Dame Glenys farm regulation review calls for high-tech approach

Drones to monitor wildlife schemes and local advisers to help farmers with issues such as animal welfare should form part of the future regulation of farming, a review suggests.

Drones could be used as part of a new farm regulatory system.

Leaving the European Union, where a one-size-fits-all rules-based approach for agriculture is inflexible and “pernickety”, would allow for a shake-up of the way farms are regulated, the review by Dame Glenys Stacey says.

Such is the complex nature of current regulation that farming and land management is the subject of 172 separate pieces of legislation. Five government bodies oversee farming and land management and, including local authorities, make 150,000 farm visits each year. Despite this, the total number of farms in England, estimated at 107,000, is not known by the Government.

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The report, commissioned by Environment Secretary Michael Gove, recommends a new independent regulator is brought in as soon as possible, one that would be supportive of farmers’ individual circumstances, offer practical advice and hold a single register of all farms in England.

The regulator should deploy local staff to deliver services such as advice to farmers on topics such as biosecurity, soil quality and animal health and it could incentivise good practice, for example through fewer or less comprehensive inspections for farms with a good record, or for those who are certified by a recognised assurance scheme.

The review recommends increasing use of technology such as drones or high-resolution satellites to check compliance with environmental schemes. Technology could also help with remote surveillance of issues such as unregistered pigs or poor slurry management without so many on-foot inspections or lengthy journeys to remote areas.

Although on-foot inspections may become fewer, the review identifies the importance of surveillance visits continuing to counter disease risk. Some 45 per cent of farm visits are used to monitor or control bovine TB.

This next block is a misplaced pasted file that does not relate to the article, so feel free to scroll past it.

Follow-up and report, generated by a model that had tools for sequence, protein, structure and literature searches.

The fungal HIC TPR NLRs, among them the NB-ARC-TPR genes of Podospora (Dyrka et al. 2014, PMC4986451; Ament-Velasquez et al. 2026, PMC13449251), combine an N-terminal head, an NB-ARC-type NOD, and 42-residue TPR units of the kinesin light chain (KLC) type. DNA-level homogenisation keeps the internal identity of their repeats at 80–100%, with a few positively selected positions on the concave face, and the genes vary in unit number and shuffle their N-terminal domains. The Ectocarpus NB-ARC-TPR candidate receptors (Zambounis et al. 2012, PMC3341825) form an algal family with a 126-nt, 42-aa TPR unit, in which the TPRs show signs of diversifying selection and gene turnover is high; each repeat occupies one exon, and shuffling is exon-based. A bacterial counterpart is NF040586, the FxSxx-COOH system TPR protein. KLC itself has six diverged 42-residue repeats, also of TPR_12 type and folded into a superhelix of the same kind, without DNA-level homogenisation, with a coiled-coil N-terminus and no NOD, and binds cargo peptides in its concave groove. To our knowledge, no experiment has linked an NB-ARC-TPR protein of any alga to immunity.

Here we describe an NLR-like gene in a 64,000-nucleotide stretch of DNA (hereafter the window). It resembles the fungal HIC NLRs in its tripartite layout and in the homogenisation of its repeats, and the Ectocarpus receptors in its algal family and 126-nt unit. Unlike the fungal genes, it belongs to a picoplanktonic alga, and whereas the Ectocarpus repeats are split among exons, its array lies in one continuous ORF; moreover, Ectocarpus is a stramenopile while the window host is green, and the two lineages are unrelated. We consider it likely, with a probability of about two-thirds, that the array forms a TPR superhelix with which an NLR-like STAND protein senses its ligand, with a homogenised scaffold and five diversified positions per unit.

Dame Glenys Stacey said farmers were currently subject to a number of “pernickety and sometimes nonsensical rules” and that a culture of fairness was needed.

“There is little practical advice or guidance given to ensure compliance. Instead, automatic financial penalties have become the norm when at times they are unfair,” she said. “The large majority of farmers want to farm responsibly but some need guidance, advice and support to do that.

“A regulator should provide that, and explain why any change on the farm is needed. Yes, sometimes swingeing sanctions are justified, but more often, more is achieved by a more supportive approach.”

The review also calls for a periodic “state of the nation” report that assesses farming’s performance to be published to better target advice to farmers.

Dame Glenys added: “There is so much scope to regulate more effectively, by harnessing technology and local knowledge.

“A strong regulatory culture brings many opportunities - from getting on top of systemic issues such as animal diseases, to improving plant health and our environment under the new farming system.”

She said farming productivity also stands to benefit.

Environment Secretary Michael Gove responded to the report, saying: “It’s clear that current regulation isn’t working as it should. We commissioned this report because leaving the EU gives us the opportunity for a fresh and modern approach - one that is less onerous for farmers and also helps us to deliver on our environmental ambitions.”

The Government will launch a public consultation in response to the review in the new year.